Welcome to another installment of how to live like a millionaire on a retirement budget.

The recipe ideas I want to share with you are served at the finest restaurants for hefty prices. They may not even be that good either, because as we know, money and quality don’t always add up.

However, you can dine even better than a millionaire by making these wonderful recipes at home for pennies. You might even find yourself entertaining more often, treating your guests like kings and queens.

It’s All About Technique

These dishes use humble ingredients that you probably have in your pantry. Onions, old vegetables, stale bread, flour, eggs. The secret is in technique: what you do with these inexpensive ingredients.

Do you love French onion soup? Order it in a regular restaurant and chances are you’ll get a disappointing bowl of gloppy cheese topping a negligible amount of salty broth and a few slices of onions swirling around. You burn your tongue.

Or, you order it in an expensive French restaurant, if they even have it. Divine? Not necessarily. You’ll burn your tongue there, too. The most expensive option is to fly to France and get the real thing. Guess what, you’ll burn your tongue there, too.

Onions, Water, Stale Bread

I make French onion soup as it should be: at home. In its most illustrious incarnation it costs pennies. Oh, those clever French. To think that nursing a few onions in a sauté pan and adding some beef stock could result in something so sublime. Then, make use of a stale loaf of French bread you have lying around. Sliced and toasted, it’s the perfect crouton to float on top of your soup.

The only ingredient you spend money on is the cheese, and you can either go high with real Gruyere or go low with whatever is hanging out in your fridge. Mozzarella, Monterrey Jack and Cheddar work just as well. I opt for Julia Child’s technique, but I’m sure you have your favorite cookbooks and websites that will guide you to this happy meal.

If someone invited me over for homemade French onion soup, I’d say yes in a second. And try not to burn my tongue.

Leftover Veggies

Continuing with those wonderful, thrifty French, another one of my soup winners is Potage. When I was a student living with a family in Paris, I was served Potage several nights a week and loved it every time.

The madame took whatever vegetables she had lying around in the pantry – a potato, a carrot, an onion, a courgette, celery, peas, whatever – and boiled them up in a pot of water. Maybe she’d add a cube of chicken broth or maybe not. She whizzed the cooked veg and water in a blender and then back into the saucepan for reheating, adding salt and pep and a clipping of fresh herbs.

Voilà, a velvety, simple but utterly sophisticated soup that takes the edge off your appetite. I serve it as an easy, impressive first course when I entertain, and I also serve it as a light supper with a salad, crusty bread and cheese. Great to bring to friends who are suffering from a nasty cold.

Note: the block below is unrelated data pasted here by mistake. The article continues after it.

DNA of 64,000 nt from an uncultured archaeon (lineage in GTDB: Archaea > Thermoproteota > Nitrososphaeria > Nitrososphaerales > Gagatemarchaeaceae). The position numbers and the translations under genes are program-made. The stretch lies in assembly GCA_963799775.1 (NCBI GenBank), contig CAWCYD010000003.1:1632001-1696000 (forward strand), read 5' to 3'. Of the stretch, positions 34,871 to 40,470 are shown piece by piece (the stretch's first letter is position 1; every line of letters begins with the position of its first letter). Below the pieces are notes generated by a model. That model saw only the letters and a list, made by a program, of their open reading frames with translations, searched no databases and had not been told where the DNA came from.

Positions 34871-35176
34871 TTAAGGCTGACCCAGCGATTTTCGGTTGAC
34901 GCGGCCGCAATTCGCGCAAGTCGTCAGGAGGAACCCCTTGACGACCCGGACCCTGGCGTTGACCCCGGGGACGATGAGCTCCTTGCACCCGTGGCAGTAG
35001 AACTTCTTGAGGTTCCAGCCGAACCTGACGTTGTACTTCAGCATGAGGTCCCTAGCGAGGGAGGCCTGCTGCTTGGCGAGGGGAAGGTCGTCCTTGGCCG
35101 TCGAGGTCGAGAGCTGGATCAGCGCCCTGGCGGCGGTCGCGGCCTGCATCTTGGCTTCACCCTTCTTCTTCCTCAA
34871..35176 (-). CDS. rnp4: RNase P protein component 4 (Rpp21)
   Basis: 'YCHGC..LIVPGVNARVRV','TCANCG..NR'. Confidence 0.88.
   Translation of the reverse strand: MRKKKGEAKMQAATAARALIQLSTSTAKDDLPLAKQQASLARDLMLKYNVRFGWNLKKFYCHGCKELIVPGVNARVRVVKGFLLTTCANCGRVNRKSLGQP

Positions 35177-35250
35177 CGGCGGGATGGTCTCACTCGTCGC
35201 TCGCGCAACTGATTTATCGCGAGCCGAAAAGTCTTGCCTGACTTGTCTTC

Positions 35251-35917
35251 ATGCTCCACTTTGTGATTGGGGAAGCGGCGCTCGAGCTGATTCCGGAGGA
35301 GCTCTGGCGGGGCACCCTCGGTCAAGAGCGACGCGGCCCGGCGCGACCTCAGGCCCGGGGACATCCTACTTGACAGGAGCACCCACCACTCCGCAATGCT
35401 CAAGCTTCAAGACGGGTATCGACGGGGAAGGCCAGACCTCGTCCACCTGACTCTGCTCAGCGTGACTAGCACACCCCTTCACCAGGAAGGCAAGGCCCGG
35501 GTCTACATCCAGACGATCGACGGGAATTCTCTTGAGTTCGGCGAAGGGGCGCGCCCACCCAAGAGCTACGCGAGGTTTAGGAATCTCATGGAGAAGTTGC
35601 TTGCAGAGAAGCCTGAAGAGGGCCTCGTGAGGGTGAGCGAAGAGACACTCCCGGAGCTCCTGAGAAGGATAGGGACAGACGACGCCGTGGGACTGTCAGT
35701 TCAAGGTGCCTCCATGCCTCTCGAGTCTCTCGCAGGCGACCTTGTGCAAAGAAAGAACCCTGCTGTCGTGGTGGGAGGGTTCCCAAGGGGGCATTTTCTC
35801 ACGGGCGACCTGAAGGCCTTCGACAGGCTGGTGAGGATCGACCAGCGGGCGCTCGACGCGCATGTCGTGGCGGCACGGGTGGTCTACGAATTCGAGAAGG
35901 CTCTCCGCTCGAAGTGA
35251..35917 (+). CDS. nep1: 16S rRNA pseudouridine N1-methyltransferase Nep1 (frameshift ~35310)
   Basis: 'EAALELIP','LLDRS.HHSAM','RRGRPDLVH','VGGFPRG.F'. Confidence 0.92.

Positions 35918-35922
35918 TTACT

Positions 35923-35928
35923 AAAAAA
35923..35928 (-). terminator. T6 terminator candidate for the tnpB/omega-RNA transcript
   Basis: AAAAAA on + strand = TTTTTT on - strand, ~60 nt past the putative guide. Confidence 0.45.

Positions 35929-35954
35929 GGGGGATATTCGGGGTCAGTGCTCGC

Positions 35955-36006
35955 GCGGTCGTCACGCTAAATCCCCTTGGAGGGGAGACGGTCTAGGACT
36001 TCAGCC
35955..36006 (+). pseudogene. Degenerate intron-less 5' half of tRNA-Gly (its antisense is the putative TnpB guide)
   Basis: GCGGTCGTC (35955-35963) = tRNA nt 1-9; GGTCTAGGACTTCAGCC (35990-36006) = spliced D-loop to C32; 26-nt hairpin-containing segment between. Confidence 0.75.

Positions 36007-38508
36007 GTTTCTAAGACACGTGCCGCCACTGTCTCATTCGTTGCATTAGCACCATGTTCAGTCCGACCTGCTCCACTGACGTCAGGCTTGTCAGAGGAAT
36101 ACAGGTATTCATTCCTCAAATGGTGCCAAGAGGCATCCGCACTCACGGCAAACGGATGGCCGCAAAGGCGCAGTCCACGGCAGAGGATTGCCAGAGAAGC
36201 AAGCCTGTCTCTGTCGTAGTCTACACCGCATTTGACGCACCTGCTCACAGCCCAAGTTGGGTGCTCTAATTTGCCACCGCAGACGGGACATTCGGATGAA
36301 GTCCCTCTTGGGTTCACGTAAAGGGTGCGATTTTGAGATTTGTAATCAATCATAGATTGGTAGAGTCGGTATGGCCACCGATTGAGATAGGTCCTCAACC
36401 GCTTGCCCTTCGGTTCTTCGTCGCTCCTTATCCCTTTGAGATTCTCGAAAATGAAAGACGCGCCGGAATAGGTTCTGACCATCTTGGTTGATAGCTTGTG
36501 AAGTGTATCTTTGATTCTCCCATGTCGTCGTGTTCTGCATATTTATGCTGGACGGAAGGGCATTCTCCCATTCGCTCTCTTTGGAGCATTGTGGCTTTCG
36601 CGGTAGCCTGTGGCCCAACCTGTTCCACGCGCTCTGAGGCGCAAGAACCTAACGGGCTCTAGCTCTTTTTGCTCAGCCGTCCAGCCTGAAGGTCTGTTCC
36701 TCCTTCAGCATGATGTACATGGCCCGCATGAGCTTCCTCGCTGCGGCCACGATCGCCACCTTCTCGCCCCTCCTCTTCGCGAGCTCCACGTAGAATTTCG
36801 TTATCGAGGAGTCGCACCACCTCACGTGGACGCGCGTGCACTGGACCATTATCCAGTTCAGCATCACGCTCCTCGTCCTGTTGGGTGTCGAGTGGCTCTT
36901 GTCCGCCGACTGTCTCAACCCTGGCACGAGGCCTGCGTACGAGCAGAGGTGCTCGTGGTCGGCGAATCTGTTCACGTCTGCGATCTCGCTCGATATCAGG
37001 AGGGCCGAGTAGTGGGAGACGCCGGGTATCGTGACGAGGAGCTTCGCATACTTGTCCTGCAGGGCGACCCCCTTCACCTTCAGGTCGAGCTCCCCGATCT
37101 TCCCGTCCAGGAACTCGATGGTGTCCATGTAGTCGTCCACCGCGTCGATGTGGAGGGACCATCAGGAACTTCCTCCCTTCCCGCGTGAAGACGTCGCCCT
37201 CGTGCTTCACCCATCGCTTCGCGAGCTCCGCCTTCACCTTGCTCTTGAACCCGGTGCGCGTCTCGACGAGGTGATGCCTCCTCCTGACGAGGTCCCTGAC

Bread, Tomato, Garlic

Next, we go to Spain for one of my favorite hors d’oeuvres that’s rustic and well, very sexy. When I serve it as a nibble for cocktails, my guests eat so much they don’t even want dinner afterwards. It has many names but I’ll call it the classic “Pan Tomate” – with a Spanish accent!

Slice a good loaf of crusty bread on the diagonal into about 3/4-inch-thick slices. Grill the bread so it has grill marks if possible. If not, toast it. Next, rub cut garlic halves on the toasted bread, and then smear a cut-in-half tomato all over the bread, letting the juices and pulp be absorbed by the bread. A drizzle of olive oil and a sprinkle of coarse salt (the finest you can afford). I like a hit of fresh pepper.

You won’t believe how such simple ingredients make Something So Scrumptious! Remember, it’s all about technique. Of course, you can take it further, topping with whatever you have in your fridge: a slice of ham, a few crumbles of bacon, some chopped scallions, a toss of feta cheese. The Italians have a version of Pan Tomate and it’s called Bruschetta.

Three Amazing Classics

Who makes homemade chicken soup these days? I do. Especially when for the price of a chicken and some veg and odds and ends of pasta I dine on something very rare in this world of take out and pizza delivery.

For the price of an egg and 100 grams of flour I make something sublime that I pay a fortune for in a restaurant: fresh pasta. My recipe came from an Italian friend who gave me a class. My life has never been the same.

Gourmet grilled cheese! The secret is in spreading mayonnaise on the outside of the bread instead of butter. Mayonnaise has a lower melting point than butter, and caramelizes, causing a delightfully crunchy and tasty exterior. I add sliced tomatoes, a piece of salami or a pickled pepper inside to amp it up. I have to stop writing now and run into the kitchen.

I can’t leave you dessert-less! Serve any fruit hot and you’ve got heaven written all over it. I’m talking sautéed bananas, grilled pineapple, baked apple. A tiny scoop of ice cream or thick Greek yogurt, crumble a cookie over that and oh my. The best meal in town tonight will be at your house.

What are your favorite recipes that look expensive but are quick and cheap to prepare? Please share. We all want to get in on the deliciousness.

Liza DunkelElizabeth Dunkel is a writer and novelist who has lived in Merida, Yucatan, Mexico for 25 years. She is the Creative Director of Camp Liza www.campliza.com, a personal blog about stylish and creative living. “A thoughtful life is a luxe life.” Elizabeth is the proud founder of the Merida English Library. She discovered a second career as a CELTA certified teacher of ESL and is Merida’s first, only and best college coach www.superenglishmerida.com.

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